Antifreeze proteins (AFPs) from polar and cold-tolerant organisms are able to control ice growth as a result of their adsorption on the ice crystal surface. The proteins bind to selected crystallographic planes, which are characteristic for each kind of AFP. As a consequence of the adsorption, the freezing point of the solution is locally lowered below the melting point, following the Gibbs-Thomson equation. Within the difference between the melting and the freezing point (hysteresis gap), the macroscopic growth of the crystals is arrested. Below the freezing point, crystals grow with a burst of determined shapes. Their habit is dominated by the crystallographic planes inhibited by the proteins, due to the geometric adsorption selectivity as well as to the adsorption rate of the proteins. Most of the well-studied fish AFPs do not bind to the basal plane, therefore crystals burst as needles parallel to the c-axis. At strong supercoolings the protein adsorption rate is not fast enough to balance radial growth due to heat dissipation, and crystals develop dendrites. However, data about the shape of the crystals after the burst, and well below the freezing point, are still scarce, resulting in an incomplete understanding of the growth inhibition mechanisms by the different AFP types.
Here we present ice growth experiments in the presence of AFPs from the polar diatom Fragilariopsis cylindrus, a dominant microalga in sea ice assemblages. The protein was recombinantely expressed and purified from E. coli. Ice grain habit was observed at light microscopy in a dish, from the hysteresis gap until growth into a solid sample of polycrystalline ice. Crystals grew with an expansion of the basal plane area, but a suppressed development parallel to the c-axis compared to negative controls, resulting in thin ice “sheets”. A slow three- dimensional growth was revealed by the formation of characteristic features as pits and groves. Dendritic growth was limited, presumably among others an effect of the rapid heat dissipation through the thin sheet. The effect of the AFPs was still evident hours after the initial burst, as shown by analyses of the fully frozen polycrystalline block. Microtomed ice observed through crossed polarizers revealed marked microstructural features, which confirm a freezing history as a process of sheet after sheet freezing.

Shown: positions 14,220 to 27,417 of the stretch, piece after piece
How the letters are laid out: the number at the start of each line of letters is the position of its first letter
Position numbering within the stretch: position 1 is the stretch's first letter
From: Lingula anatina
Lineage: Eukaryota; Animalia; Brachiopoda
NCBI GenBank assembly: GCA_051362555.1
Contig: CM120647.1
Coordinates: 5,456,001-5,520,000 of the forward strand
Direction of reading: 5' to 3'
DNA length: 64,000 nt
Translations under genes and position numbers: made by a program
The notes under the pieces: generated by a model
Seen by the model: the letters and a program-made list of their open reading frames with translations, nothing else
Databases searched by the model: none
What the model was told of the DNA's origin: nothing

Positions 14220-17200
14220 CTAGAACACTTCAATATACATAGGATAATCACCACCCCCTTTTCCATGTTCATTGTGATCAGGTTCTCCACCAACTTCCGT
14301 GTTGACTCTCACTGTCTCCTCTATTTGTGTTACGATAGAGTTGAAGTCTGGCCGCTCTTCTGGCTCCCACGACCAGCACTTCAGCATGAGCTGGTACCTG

Our results suggest that proteins bind, among others, to the basal plane of crystals, as also proposed in previous studies. Analyses of the habit showed a crystal shape relatively stable over time, and explain the microstructural features in the polycrystalline sample. Furthermore, the studies about this kind of AFP contribute to complete the puzzle of growth inhibition by AFPs.
EPIC Alfred Wegener Institut